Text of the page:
Porter climbed three more big new routes on El Capitan – Tangerine Trip, Mescalito and Excalibur – before taking his big-wall techniques to tougher, colder mountains further north. Ever the eccentric humourist, he carried a moose's antler all the way up the sheer south-west face of The Moose's Tooth in the Alaska Range, with Bocarde.

The following year, 1975, he upped the ante with a solo ascent of the 800m vertical north face of Mt Asgard on Baffin Island. Not content to limit himself to rock, Porter's first ascents also included what was in 1974 one of the world's steepest ice climbs – Polar Circus, near Banff. Since childhood he had loved making things, and for this climb he used his own homemade ice axe. His companions, Bugs McKeith and Adrian and Alan Burgess, used more conventional tools.

In 1976 Porter made a solo ascent of the Cassin Ridge. This gigantic line up North America's highest mountain, Denali, is on a Himalayan scale, with extreme cold compounding problems of altitude. Years ahead of his time, Porter climbed the ridge in a non-stop push of 36 hours. By the time he reached the summit he was suffering from pulmonary oedema, but he still managed to get himself quickly down the normal route to safety.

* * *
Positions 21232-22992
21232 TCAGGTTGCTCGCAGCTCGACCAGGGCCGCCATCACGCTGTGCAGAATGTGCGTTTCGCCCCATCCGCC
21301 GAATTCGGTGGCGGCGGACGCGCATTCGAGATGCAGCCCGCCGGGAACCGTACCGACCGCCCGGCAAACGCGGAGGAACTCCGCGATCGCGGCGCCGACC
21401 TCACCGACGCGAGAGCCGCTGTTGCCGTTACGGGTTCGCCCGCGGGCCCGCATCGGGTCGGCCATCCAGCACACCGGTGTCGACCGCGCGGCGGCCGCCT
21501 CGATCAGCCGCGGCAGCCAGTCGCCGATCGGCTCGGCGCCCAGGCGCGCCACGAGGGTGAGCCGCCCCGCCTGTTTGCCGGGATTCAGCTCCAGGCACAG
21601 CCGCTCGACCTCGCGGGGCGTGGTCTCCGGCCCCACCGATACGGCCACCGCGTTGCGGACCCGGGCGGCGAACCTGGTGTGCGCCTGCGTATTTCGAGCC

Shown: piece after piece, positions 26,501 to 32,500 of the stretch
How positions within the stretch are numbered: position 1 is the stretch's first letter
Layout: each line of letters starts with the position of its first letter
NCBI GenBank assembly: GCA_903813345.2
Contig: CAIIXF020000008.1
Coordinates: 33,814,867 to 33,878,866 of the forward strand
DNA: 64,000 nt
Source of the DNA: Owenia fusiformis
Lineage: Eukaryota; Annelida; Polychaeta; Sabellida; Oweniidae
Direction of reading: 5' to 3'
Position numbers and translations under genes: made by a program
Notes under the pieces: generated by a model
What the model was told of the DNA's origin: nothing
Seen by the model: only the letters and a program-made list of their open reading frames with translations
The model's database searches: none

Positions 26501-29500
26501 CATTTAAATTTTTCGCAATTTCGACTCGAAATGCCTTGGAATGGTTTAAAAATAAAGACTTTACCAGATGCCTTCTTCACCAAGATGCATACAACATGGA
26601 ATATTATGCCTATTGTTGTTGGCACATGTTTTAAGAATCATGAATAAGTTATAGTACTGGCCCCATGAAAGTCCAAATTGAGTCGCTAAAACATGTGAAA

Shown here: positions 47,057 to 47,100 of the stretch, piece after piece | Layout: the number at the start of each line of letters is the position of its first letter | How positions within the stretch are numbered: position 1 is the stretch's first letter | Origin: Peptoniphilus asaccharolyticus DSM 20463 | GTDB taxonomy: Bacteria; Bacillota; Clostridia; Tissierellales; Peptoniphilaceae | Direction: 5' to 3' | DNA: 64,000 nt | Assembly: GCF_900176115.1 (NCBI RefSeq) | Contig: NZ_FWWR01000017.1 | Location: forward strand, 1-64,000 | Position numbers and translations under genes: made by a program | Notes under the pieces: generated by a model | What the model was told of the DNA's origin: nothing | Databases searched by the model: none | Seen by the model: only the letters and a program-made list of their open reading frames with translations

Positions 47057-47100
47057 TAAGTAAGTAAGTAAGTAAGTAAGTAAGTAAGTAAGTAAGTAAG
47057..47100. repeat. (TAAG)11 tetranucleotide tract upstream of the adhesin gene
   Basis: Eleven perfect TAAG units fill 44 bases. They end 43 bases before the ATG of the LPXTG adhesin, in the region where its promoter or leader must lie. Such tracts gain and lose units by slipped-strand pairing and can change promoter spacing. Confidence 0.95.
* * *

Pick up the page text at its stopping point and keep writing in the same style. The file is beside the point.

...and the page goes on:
Between his long mountain sojourns, Porter found time for many girlfriends and three wives. The second, a marine biologist called Georgian Valdivia, accompanied him when he built his first boat and sailed from Salem, through the Panama Canal to Patagonia, to settle for a while on the island of Chiloé. By now Porter had given up extreme mountaineering and the rest of his life was devoted to exploring the myriad channels, islands, forests and glaciers of Patagonia and Tierra del Fuego.

Perhaps his most remarkable odyssey was a 2,000-mile solo journey through the channels in a Klepper kayak converted to take a sliding seat and oars. During the voyage he charted the old portage routes and camps of the Native Americans who once inhabited the area, developing a passion for archaeology.